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Stoneware and Pottery Auction

Don Johnson | August 1st, 2013


“G.W. Hubacher, Dry Goods &c., Clarington Ohio,” eight-gallon crock stenciled with a shield-breasted, spread-winged eagle and having freehand cobalt lines, $5170. It previously sold at auction for $9000 hammer.


Two-piece birdbath with embossed birds at the bottom, diffused blue and white, unmarked, 9¾" high, $3080.


“From W. H. Mallory, Clarington, Ohio,” six-gallon churn with freehand flowers and lines, $2530.


“G. Hyer Dealer in Dry Good Groceries &c., Baresville Ohio” pint canning jar, $907.50, previously sold at auction for $1200 hammer; “I. McCurdy, Newcastle Ohio” pint canning jar, badly cracked, $143, previously sold at auction for $350 hammer; “Habermehl Urpman & Co., Clarington Ohio” pint canning jar, $440.


“G. Hyer & Co. Dealers in Dry Goods Groceries &c., Baresville Ohio” three-gallon crock with freehand decoration, $660; “Amos & Morris Bros., Wholesale Dealers in Groceries & Produce, Woodsfield, Ohio,” three-gallon crock with freehand decoration, $1320.


Pitchers: “Compliments of Chleboun Bros. Clarkson, Nebr,” diffused blue and white, 7" high, $209; “John Schoepf Meats, 3433 Butler St., Pittsburg Pa.,” blue and white, spongeware with flowers highlighted in cobalt, 9" high, $852.50; bark motif, cobalt highlights include crane, blue and gray, 8¼" high, $99; Dutch Windmill and Bush design, diffused blue and white, 7" high, $22; “McGrath’s The Hardware Store of Hastings,” Scroll and Leaf design, diffused blue and white, 6½" high, $308.


Three-piece water cooler (container, lid, and base) with embossed polar bears and North Wind design at the bunghole, blue and gray, unmarked, attributed to Whites Pottery, Utica, New York, 19" high, some chips, $1155.

Mike Clum, Inc., Rushville, Ohio

Photos courtesy Mike Clum, Inc.

More than 50 pieces of salt-glazed stoneware, most with stenciled advertising for merchants in southeastern Ohio, were the main draw during the August 1 sale conducted by Mike Clum at his auction barn near Rushville, Ohio. The single-owner collection also included another 325 lots of blue-and-white pottery, blue-and-gray pottery, and miniature jugs.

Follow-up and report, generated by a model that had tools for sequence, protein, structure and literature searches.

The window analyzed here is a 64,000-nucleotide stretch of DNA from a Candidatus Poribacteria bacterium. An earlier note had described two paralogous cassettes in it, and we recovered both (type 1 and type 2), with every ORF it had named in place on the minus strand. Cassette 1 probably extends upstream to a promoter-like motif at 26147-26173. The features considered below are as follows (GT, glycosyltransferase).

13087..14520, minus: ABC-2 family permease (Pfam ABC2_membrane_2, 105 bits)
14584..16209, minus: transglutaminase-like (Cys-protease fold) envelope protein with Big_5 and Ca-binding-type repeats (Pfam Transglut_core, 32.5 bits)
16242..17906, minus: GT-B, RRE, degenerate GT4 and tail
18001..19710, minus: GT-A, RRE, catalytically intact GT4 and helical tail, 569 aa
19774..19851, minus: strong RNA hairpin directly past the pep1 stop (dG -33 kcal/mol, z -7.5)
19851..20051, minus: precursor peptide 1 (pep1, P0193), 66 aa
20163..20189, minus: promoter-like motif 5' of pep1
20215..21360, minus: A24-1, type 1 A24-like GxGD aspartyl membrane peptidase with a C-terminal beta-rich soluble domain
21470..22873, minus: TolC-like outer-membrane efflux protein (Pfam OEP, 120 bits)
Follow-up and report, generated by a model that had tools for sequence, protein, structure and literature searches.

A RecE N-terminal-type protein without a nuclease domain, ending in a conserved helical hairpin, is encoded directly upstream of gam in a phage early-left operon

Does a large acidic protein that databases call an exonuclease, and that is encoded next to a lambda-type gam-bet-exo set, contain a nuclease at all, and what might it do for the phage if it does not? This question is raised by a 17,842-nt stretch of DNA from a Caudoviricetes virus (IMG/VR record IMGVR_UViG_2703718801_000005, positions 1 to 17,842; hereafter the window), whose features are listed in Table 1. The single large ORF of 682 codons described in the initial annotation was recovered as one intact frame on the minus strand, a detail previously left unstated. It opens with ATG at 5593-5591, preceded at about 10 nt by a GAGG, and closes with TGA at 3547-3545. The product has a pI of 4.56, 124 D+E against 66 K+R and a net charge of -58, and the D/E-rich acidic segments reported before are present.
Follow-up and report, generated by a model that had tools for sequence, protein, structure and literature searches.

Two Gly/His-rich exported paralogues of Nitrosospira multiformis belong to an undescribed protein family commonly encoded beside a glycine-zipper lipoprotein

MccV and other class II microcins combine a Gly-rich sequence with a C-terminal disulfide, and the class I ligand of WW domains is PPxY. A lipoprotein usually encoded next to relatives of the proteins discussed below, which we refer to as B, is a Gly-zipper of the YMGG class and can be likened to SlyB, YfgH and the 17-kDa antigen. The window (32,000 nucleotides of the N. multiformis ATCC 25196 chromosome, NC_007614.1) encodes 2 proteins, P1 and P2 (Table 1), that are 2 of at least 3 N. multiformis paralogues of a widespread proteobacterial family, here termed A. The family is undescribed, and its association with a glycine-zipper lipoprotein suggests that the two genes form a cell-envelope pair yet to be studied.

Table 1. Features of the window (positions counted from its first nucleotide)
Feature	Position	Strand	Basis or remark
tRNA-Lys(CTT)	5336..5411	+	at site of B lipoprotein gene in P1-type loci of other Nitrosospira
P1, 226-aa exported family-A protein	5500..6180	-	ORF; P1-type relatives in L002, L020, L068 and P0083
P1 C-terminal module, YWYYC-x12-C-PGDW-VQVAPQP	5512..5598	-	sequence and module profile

The material was part of a larger, multi-auctioneer sale, but the stoneware and pottery drew the most attention. The items had been collected by Paul (d. 2011) and Barbara (d. 2008) Conner of Woodsfield, Ohio, a small town about 30 miles from the southwestern corner of Pennsylvania, a prime region for stoneware manufacturing. Teachers in the Monroe County school system, the Conners started collecting blue-and-white stoneware 25 to 30 years ago, according to Clum. Cobalt-decorated stoneware promoting 19th-century merchants in their area became an added focus later on. “They loved anything Ohio and with a town name or grocer,” Clum said.

Jerry Tebbano of Dutch Hollow Antiques, Aurora, Ohio, specializes in stoneware and pottery. The Conners became clients of his in the late 1970’s. Tebbano handled many pieces in the collection. “It's a little heartbreaking to see it sold in its entirety,” he said.

Paul Conner was a fierce competitor on the stoneware market. “He was one of the top buyers,” Clum noted, “and if he didn't have it, he bought it.”

It wasn't surprising that the stoneware and pottery drew a crowd. What might have raised a few eyebrows, however, were the prices paid. For the most part, it was a buyer’s market.

At least ten pieces of merchants’ stoneware were accompanied by auction tickets from when Paul Conner acquired them. Returning to the market, all of those pieces brought less money, including the top lot, an impressive eight-gallon salt-glazed crock stenciled with a shield-breasted eagle and “G.W. Hubacher, Dry Goods &c., Clarington Ohio.” It realized $5170 (including buyer’s premium), compared to the $9000 hammer price it brought in March 2010 at Kiko Auctions in Ohio.